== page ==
Gartner: determining the tech trends that matter

Gartner: determining the tech trends that matter
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Considering the rapid pace at which technology trends emerge and evolve, it can be difficult deciding which of those trends present opportunities and which pose risks. Each technology trend might have different kinds of potential impact: broad and global, or narrow and niche.

Trends rarely act in isolation: consider established digital technologies, such as the Internet of Things (IoT) and artificial intelligence (AI), which combine to generate new trends that then create an exponentially bigger impact.

About the author

Samantha Searle is a Principal Analyst at Gartner.

Data and analytics

For instance, IoT-generated data is being applied to advanced analytics and machine learning. This process produces a greater number of intelligent applications and agents capable of suggesting the best response in any given situation. Combining all three technologies has created the digital twin, a digital representation of a real-world entity or system.

However, the digital twin might not prove relevant to all modern enterprise needs. This is why approaching trends in a comprehensive, ‘big picture’ way is essential. It’s tempting to be sold on overhyped trends, but not all trends are equal, and not all will apply.

The question then becomes: how can you tell which technology trends will evolve to cause considerable disruption or create new opportunities for your specific organisation? Three key factors will ultimately enable you to identify the potential impact of a particular technology trend on people, business, IT, and the technology market:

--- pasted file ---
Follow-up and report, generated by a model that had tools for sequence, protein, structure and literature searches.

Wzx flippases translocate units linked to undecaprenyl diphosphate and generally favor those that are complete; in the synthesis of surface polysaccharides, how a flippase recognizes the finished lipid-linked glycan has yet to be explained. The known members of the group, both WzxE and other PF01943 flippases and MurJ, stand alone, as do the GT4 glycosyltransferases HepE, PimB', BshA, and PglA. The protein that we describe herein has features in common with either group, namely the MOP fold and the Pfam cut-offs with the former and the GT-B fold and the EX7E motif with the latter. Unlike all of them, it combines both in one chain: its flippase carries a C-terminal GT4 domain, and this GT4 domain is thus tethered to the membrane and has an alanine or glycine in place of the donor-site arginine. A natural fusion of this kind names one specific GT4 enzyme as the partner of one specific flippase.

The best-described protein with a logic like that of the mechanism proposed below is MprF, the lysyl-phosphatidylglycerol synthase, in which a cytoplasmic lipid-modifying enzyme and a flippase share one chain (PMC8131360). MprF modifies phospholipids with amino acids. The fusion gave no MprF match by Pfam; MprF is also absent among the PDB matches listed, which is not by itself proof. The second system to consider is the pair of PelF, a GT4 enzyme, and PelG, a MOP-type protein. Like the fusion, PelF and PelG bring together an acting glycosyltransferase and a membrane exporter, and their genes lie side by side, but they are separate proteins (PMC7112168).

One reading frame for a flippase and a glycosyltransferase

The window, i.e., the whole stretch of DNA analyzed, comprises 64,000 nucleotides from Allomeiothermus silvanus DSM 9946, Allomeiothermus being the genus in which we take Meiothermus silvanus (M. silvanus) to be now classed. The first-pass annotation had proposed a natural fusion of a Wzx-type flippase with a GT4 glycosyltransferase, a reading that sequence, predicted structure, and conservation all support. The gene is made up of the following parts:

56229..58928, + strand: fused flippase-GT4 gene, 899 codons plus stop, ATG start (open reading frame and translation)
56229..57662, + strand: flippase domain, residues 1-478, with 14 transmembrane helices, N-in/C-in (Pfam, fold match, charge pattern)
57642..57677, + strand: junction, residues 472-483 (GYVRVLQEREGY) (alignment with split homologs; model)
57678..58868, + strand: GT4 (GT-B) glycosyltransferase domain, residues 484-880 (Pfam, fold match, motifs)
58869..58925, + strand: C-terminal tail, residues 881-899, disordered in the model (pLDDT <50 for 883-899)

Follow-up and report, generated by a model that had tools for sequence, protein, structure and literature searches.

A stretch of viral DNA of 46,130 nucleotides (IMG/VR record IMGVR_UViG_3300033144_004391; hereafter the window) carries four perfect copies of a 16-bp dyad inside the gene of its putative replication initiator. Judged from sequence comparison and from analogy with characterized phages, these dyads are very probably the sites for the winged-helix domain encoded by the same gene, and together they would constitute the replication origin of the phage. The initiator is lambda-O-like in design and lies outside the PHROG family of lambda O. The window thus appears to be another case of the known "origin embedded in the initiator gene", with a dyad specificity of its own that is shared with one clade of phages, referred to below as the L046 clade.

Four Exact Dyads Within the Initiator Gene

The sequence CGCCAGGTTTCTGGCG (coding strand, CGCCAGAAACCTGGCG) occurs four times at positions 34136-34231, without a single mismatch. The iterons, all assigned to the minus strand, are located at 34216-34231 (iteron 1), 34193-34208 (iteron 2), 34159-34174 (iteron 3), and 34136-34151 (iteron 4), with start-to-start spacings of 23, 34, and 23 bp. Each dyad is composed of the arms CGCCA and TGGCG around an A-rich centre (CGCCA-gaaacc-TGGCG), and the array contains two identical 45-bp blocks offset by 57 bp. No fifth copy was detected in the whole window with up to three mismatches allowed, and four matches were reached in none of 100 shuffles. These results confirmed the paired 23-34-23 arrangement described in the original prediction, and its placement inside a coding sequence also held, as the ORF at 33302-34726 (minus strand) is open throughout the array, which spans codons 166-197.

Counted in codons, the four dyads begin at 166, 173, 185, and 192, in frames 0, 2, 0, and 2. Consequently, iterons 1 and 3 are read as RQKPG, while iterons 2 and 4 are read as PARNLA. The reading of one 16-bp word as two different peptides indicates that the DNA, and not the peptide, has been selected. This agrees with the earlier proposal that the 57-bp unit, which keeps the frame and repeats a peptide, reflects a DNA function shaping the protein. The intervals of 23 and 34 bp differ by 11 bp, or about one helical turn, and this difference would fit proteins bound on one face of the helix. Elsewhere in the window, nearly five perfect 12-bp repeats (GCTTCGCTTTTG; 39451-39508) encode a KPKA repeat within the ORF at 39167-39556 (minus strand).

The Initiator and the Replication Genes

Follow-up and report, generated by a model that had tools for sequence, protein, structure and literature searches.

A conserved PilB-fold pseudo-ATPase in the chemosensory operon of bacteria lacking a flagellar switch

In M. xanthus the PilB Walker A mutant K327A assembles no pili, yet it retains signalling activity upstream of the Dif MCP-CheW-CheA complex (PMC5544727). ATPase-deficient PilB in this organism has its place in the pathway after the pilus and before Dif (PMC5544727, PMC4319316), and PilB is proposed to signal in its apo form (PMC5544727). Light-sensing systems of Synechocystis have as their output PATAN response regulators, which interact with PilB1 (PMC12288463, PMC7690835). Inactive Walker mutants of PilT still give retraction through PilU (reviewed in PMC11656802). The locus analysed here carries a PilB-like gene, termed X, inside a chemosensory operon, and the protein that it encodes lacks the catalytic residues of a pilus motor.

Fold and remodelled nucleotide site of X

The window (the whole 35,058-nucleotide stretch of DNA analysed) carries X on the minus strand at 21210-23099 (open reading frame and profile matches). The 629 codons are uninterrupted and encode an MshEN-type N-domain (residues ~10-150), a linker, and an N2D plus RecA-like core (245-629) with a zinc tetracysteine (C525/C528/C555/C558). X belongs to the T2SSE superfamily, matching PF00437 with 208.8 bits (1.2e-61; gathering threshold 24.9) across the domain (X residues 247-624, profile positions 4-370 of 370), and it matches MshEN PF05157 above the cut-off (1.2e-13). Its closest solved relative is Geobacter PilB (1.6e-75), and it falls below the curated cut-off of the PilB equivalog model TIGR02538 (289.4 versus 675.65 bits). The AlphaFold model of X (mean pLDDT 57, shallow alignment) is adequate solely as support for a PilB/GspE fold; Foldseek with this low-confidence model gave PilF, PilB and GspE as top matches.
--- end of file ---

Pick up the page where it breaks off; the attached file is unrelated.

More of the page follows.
1. New value. Identify clear business opportunities that this technology trend could help exploit, or challenges that it could help solve to produce better business outcomes;
  2. Level of digital disruption. Decide whether adopting this trend would mean changing your organisation’s business model or involve developing a new one. Could this new trend replace existing technologies or ways of doing business? How could this trend disrupt the technology market? Although there will probably be opportunities for new providers, new trends can disrupt the services and performance of existing providers on which your organisation may rely;
  3. Type of impact. Investigate whether the trend’s impact will be felt only within your organisation, or whether it will have an external impact on your organisation.

Technology trends can also differ depending on how far-reaching their impact may be. Different trends might affect a single country, several countries, or impact an entire region. The size of a trend’s impact will depend on the social, cultural, geopolitical, and economic factors in a particular country or region.

It’s also worth bearing in mind that a trend might have a direct or indirect impact on interactions between people, businesses, IT departments, or technology departments. It might also affect the tasks and operations that these people or departments perform.